When used properly, passwords can be an effective way of preventing unauthorized access to systems and files. As well as preventing prying eyes from viewing confidential documents, passwords can also stop anyone from making unwanted changes to your system.
However, this type of security is only as good as the person using the password. This means that your employees are playing an integral role in the security of your business and they need to be up to the task.
We’re repeatedly told how important it is to have strong passwords, but this isn’t a message that always resonates. In fact, Verizon’s latest Data Breach Investigations Report estimates that a staggering 81% of data breaches could be traced back to a reused or weak password.
With companies suffering losses totaling millions of dollars from data breaches, and consumers also being put at risk, it’s clear that password security needs to be prioritized in businesses across the country.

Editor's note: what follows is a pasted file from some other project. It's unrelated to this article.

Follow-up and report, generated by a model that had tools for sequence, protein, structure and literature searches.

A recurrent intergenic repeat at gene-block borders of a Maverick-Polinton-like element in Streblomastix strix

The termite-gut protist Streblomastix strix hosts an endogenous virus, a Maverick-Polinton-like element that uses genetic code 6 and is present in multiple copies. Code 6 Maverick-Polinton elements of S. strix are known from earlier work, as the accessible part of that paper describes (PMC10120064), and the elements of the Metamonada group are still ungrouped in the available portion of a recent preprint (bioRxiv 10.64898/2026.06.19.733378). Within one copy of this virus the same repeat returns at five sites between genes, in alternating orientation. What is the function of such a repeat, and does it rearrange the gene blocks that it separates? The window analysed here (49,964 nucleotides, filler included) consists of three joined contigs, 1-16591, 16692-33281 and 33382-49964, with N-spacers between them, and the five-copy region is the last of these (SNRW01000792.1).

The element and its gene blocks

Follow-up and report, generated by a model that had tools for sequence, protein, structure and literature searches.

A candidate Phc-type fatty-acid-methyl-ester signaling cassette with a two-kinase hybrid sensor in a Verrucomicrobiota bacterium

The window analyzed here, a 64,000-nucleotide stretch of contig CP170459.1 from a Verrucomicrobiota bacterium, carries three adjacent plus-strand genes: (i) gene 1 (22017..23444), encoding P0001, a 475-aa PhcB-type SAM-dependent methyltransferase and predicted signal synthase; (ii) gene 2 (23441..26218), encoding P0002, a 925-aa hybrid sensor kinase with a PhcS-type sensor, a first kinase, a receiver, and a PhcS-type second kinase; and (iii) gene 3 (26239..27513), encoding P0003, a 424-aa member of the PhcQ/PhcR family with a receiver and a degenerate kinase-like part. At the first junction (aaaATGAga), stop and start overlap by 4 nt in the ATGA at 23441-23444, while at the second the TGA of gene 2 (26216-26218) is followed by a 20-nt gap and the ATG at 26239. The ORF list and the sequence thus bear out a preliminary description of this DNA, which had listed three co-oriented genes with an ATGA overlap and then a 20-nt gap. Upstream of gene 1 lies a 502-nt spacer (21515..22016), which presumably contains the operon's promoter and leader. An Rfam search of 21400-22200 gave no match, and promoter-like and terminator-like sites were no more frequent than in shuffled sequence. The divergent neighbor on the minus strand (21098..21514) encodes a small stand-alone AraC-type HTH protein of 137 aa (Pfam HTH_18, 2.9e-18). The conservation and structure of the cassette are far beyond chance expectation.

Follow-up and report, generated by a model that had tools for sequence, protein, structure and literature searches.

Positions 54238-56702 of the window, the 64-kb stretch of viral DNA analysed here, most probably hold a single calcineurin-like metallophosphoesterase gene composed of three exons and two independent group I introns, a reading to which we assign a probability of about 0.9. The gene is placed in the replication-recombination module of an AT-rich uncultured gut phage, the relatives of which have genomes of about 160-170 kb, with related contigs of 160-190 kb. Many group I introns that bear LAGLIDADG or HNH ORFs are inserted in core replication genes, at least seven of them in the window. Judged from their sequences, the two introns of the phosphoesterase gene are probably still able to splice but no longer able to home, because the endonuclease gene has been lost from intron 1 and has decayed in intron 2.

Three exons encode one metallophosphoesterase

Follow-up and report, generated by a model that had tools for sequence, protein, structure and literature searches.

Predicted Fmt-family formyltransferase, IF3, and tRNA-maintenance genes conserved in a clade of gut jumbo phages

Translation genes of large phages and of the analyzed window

Enhancing Password Security
Now that you know why employee password security puts businesses at risk of security breaches, it should be relatively easy to rectify the situation. Understanding why employees act in a particular way is the first step to changing their behavior. Similarly, learning why password security is important and knowing how to improve it gives your employees some insight into how important it is to making your organization more secure.
Before implementing any new systems or protocols, it’s vital to educate your employees about password safety. Many people simply don’t realize the dangers that poor password practice brings, so teaching them about the risks can be the most effective way to encourage them to manage their passwords more appropriately. You can find a variety of videos and resources that you can have your employees watch about password security.